Summertime Blues: Classes Canceled, Restricted
During the mid-1970's, the Chicago public-school system opened its doors each summer to all students who wished to attend. In the summer of 1975 alone, 200,000 students took the district up on its invitation to participate in a vast array of remedial, academic, and enrichment courses.
This summer, by contrast, 4,000 of the district's 442,000 students will enroll in the secondary-, bilingual-, and special-education programs, while 20,000 others will participate in federally supported reading classes. Only seniors who lacked enough credits to graduate in June are eligible for the scaled-down secondary program.
Chicago's situation is mirrored in virtually all of the biggest and oldest of America's school systems this year, and in many smaller ex-urban systems as well. The mounting financial strains of recent years, worsened by the national recession and federal funding cuts, have forced many districts to trim more and more of their summer activities, particularly enrichment programs, and to focus their efforts on students with particular kinds of academic problems.
Tailoring Summer Activities
In some districts, like Los Angeles and Seattle, that has meant offering bilingual-education programs for fast-growing and academically troubled populations of new immigrants. In districts like New York and Detroit, where minimum-competency testing and exit examinations are used, it has meant tailoring summer activities to bringing failing students up to standard.
And in St. Louis and the District of Columbia, for example, it has meant concentrating on remedial programs that can keep students from experiencing the pain of academic failure--a dropout-prevention strat-egy. "The politics of flunking are such," explains Janice Kromer, a public-information officer for District of Columbia schools, "that there certainly is a danger of not retaining a student" who fails, and that is what the District's summer courses attempt to prevent.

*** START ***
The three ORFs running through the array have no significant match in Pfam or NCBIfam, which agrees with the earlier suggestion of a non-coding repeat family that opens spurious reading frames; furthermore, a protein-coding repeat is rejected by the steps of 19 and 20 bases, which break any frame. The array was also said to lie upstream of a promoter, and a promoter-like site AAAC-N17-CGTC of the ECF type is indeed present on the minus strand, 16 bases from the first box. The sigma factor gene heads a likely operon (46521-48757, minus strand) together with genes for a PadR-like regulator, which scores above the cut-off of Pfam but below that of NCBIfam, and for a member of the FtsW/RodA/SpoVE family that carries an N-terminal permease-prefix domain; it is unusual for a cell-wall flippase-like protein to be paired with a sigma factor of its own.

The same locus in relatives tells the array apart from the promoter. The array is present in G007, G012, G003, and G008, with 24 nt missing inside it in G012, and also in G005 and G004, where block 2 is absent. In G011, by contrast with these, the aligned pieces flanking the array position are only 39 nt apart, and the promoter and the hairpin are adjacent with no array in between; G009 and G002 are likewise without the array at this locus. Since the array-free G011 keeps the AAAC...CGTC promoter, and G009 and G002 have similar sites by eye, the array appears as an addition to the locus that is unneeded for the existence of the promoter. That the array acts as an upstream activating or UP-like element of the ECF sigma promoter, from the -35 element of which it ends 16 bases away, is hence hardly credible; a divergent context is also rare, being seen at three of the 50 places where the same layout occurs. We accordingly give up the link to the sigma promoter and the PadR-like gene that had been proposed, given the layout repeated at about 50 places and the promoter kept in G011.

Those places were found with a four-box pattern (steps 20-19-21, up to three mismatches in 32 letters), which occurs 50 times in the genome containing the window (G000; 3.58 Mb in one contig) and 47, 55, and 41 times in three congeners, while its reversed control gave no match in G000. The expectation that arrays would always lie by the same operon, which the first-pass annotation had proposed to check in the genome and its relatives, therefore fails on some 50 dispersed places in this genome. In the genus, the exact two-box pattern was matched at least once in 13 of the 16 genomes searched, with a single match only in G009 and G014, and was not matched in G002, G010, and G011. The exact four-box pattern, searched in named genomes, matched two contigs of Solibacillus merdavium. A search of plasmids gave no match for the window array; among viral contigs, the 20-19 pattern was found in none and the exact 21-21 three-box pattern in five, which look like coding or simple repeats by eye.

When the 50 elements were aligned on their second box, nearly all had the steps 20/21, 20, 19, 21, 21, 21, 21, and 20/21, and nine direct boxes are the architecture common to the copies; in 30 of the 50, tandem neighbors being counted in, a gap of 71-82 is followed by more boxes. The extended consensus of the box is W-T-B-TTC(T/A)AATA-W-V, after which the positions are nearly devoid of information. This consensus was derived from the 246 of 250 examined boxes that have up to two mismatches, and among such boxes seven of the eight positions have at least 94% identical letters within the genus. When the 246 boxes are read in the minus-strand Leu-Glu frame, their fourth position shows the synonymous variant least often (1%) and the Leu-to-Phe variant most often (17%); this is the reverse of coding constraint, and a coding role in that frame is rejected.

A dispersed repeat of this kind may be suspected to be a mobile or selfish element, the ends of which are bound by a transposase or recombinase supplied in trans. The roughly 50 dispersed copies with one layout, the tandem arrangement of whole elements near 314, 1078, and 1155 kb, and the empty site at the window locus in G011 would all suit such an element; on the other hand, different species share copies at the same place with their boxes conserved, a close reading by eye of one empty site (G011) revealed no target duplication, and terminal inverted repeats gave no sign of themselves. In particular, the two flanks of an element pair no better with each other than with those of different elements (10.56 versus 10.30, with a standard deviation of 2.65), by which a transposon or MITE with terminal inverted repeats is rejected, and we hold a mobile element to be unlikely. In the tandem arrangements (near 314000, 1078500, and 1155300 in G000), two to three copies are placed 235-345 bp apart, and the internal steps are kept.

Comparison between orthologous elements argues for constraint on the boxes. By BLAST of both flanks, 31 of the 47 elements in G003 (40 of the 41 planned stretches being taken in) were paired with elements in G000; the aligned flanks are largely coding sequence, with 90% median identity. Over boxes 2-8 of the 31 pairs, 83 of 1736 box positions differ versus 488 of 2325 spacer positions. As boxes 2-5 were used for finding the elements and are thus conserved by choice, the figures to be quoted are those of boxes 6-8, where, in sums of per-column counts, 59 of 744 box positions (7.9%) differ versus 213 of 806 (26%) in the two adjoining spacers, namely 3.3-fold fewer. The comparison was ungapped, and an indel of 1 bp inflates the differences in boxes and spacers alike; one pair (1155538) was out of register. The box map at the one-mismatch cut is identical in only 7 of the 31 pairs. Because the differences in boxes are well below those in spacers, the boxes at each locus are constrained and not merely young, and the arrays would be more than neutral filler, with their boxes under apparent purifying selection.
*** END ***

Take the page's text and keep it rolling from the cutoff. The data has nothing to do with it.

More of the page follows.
But with the dramatic exception of Dade County, Fla., which will run a $2-million program for more than half of its students--with substantial support from the state--the school-district summer programs are continuing to shrink; only a tiny fraction of their students on average will participate, despite the fact that summer jobs and public recreation programs may also be scarce.
"We are a shadow of what we used to be," said Thomas A. Maloney, director of infor-mational services for the Chicago district. "Now we can only take care of seniors who are lacking a credit or two toward graduation. We are operating the schools on a spartan budget, just trying to fulfill state accreditation requirements and to get the basic educational requirements across. Our major concern is trying to open schools this fall."
A similiar seniors-only policy applies in Philadelphia, a district of 214,000 students that is keeping one high school open this summer to serve students who did not graduate. Of 12,000 seniors, several hundred enrolled in summer school last year, and the same number is expected this summer, said Elliott Alexander, a school-district spokesman, who added that the district hasn't run a comprehensive summer program "for six or seven years."
At least two major school systems--Los Angeles and the District of Columbia--briefly cancelled their summer programs (the District's secondary program was suspended last year) only to revive them in a truncated form.
And as many as two-thirds of Minnesota's 426 school districts have cancelled their summer programs this year, estimated one school administrator there.
The announcements of closings by various districts came soon after the state legislature voted in January to eliminate all state aid for summer-school programs. Later, Minnesota legislators, under pressure from parents and special-interest groups, passed a bill allowing districts to hold special levies to fund summer sessions.